FAQ – Visitors/Guests Contracting Virus on Premises

03/26/20

Am I liable if a visitor or guest contracts the virus on my premises? What if I am unaware that I or any of my employees have the virus and we are all asymptomatic?

As a business owner, you have a legal duty to ensure the safety of your customers and third party visitors who are visiting and present on your premises. To the extent a customer or third party were to contract the COVID-19 virus from direct exposure on your premises, your business could face tort liability. In any such claim, the threshold issue will be what a business owner knew about the virus and when and what actions it took in response to its presence and whether those actions were reasonable. Tort liability would be more likely if a business owner had actual knowledge of the presence of coronavirus at its premises due to the existence of infected individuals or virus being physically present on surfaces in the premises and yet allowed third parties to be exposed. Of course, it may be a difficult burden for many claimants to show that they were infected at a particular location and as such a showing will additionally require expert testimony, given a variety of other possible exposure pathways. Most of these types of claims will be fact-intensive.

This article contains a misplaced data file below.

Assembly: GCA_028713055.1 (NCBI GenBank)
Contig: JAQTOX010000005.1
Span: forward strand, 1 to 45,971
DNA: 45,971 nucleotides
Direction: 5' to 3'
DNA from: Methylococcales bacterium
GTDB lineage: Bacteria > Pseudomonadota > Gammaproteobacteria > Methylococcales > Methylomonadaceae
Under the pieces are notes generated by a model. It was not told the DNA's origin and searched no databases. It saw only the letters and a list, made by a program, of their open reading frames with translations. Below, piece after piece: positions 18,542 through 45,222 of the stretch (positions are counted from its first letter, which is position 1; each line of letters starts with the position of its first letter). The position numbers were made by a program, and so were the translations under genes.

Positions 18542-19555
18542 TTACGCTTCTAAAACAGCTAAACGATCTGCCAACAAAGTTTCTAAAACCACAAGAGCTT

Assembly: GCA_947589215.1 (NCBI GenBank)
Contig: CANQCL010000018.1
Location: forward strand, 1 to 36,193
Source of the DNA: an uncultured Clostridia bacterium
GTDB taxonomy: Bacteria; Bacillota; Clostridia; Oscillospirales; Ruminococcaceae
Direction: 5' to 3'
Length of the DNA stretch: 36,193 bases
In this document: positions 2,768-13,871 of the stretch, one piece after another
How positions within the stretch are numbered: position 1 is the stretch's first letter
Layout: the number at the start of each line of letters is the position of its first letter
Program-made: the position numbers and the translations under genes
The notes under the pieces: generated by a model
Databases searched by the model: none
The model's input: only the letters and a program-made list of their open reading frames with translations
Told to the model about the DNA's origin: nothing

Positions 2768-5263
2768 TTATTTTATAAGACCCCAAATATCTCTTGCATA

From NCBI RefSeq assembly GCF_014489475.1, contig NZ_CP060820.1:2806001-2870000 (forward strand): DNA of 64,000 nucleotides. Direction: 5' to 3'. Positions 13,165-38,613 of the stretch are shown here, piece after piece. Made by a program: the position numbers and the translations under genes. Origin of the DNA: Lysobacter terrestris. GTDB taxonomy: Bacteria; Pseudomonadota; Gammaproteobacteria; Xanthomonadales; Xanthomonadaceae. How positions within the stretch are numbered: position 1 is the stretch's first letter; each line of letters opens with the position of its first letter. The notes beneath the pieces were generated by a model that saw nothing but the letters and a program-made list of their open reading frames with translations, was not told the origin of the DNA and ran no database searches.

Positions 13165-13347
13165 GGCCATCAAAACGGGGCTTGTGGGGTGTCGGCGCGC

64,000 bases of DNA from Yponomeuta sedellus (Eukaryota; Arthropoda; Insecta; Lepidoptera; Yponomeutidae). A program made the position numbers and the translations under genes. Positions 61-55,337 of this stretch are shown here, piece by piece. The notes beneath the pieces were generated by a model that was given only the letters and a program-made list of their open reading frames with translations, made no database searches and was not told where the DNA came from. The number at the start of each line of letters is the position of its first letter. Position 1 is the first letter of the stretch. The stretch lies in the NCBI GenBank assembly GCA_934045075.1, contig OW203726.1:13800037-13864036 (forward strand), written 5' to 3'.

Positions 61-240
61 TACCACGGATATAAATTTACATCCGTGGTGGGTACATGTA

Note that premises owners will not be able to avoid liability simply because an exposed individual has a weakened state due to other health conditions. Ultimately, at this stage and given the unknowns about the virus, if a business owner has knowledge of an infected individual present on the premises, that individual should be prohibited from the premises and business owners should eliminate direct physical contact with customers and third parties whenever possible.

This is a fluid and rapidly changing situation and these resources are current only as of the date of publication. We recommend that you contact your local Quarles & Brady attorney regarding the most up-to-date information or with any other questions regarding this subject matter, or contact Patrick Nolan: (414) 277-5465 / [email protected].